- Overview - What is a Visa?
- How and Where to Apply for a Visa
- Preparing for the Visa Interview
- At the Embassy or Consulate
- Application Status Check
- After You Receive Your Visa
A citizen of a foreign country who seeks to enter the U.S. generally must first obtain a U.S. visa, which is placed in the traveler's passport, a travel document issued by the traveler's country of citizenship. You can read more about visa vs. status on our website. The information below explains the process of applying for and receiving your F-1/J-1 visa.
Exception to the Visa Requirement:
All Canadian citizens. Canadian citizens (passport holders) do not require a visa to enter the U.S. in F-1 or J-1 student status, but do require an I-20 or DS-2019. Canadian citizens must present a valid I-20 or DS-2019 and SEVIS fee payment receipt at the airport or border to be admitted in F-1 or J-1 status.
When can I apply for my F-1 or J-1 visa stamp?
If you requested an I-20, you may apply for an F-1 visa 120-days prior to the "Program Start-Date" listed on your I-20. If you requested a DS-2019, you may apply for a J-1 visa as soon as your have your DS-2019 (even if that is earlier than 120-days before the program start-date).
- Choose a U.S. consulate or embassy where you plan to apply for your visa. You must apply for your F-1/J-1 visa at a U.S. embassy or consulate; it is recommended you apply in your country of citizenship. If you are applying for a visa in a country other than your country of citizenship, please review our information on third party visa applications first.
- Schedule a visa appointment. Visit the U.S. Department of State's website to for the post at which you plan to apply.
- Review these helpful resources on applying for a visa:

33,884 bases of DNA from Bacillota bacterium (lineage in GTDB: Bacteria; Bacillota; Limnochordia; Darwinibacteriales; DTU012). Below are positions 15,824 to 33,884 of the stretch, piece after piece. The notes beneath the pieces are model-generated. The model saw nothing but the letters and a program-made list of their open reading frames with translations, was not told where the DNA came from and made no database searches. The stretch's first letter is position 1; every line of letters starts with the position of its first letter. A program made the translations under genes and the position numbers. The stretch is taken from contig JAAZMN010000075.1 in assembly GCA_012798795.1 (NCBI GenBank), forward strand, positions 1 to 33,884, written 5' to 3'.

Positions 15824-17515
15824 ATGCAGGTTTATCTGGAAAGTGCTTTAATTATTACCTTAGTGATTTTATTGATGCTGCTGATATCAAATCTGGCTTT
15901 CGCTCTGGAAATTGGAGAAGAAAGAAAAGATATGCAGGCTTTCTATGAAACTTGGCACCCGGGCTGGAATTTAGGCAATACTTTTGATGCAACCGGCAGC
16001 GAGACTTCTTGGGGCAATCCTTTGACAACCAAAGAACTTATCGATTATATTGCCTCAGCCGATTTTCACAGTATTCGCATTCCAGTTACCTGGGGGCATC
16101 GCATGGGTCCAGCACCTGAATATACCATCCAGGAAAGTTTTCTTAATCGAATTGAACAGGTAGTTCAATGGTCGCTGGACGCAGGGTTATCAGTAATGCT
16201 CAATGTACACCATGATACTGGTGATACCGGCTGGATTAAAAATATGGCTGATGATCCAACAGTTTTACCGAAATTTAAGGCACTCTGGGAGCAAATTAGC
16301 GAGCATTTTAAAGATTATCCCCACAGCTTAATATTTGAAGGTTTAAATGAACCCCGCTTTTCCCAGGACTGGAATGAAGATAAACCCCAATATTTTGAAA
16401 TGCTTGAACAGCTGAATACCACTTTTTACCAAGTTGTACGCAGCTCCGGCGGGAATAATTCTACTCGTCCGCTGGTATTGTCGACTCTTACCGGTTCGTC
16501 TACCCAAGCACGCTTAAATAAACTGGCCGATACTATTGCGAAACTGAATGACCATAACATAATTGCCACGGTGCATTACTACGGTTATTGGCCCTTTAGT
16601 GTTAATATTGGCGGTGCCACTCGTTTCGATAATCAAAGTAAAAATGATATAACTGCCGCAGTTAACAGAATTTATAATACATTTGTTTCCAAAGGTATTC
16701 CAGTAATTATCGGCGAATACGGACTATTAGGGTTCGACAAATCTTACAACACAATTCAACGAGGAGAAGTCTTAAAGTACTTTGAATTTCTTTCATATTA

- Practice Visa interviews last between 90 seconds and 3 minutes. In that amount of time, you will be asked about what you intend to study, plans after graduation, and your ties to your home country. The resources linked above can help you think about answers to these questions. Truthfully answer all questions, but avoid offering additional information.
- Attend your visa interview. Don't forget your original I-20 or DS-2019, and all other required visa documentation. Specific information about required documents will be provided when you schedule your interview.
Be sure to have all appropriate/required documents with you at the time of your appointment:
- Valid passport (valid for at least 6 months after your entry into the U.S.)
- Original form I-20 or DS-2019 (signed by you)
- Financial documents you used to qualify for your I-20/DS-2019
- Copies of your academic credentials
- SEVIS fee receipt
- Any other document(s) required by your specific U.S. embassy/consulate's website
Once you are at the U.S. Embassy or Consulate, several things will happen:
- Reviewing biographical information: The official will perform a "name check" on your name. This compares your name to the data in several large databases and may cause delays.
- Reviewing field of study. The embassy may ask you questions about your program of study, research topic, or field. If you are entering graduate study in the fields of physics or radiology it might be helpful to have a letter from a faculty member in your department, indicating what your study/research will entail.
- Background checks/administrative processing. Occasionally, students are subjected to a background check/administrative processing delays at the time of visa application. Although rare, these delayes may take several weeks to resolve. You can read more about background checks and preventing them on our website.
You can check the status of your visa application here: CEAC Status Check
Once you have your visa and are ready to travel to the U.S., you should make your travel arrangements as soon as possible and prepare for your departure. Chicago has two major international airports and both have transportation options available to the University of Chicago campus: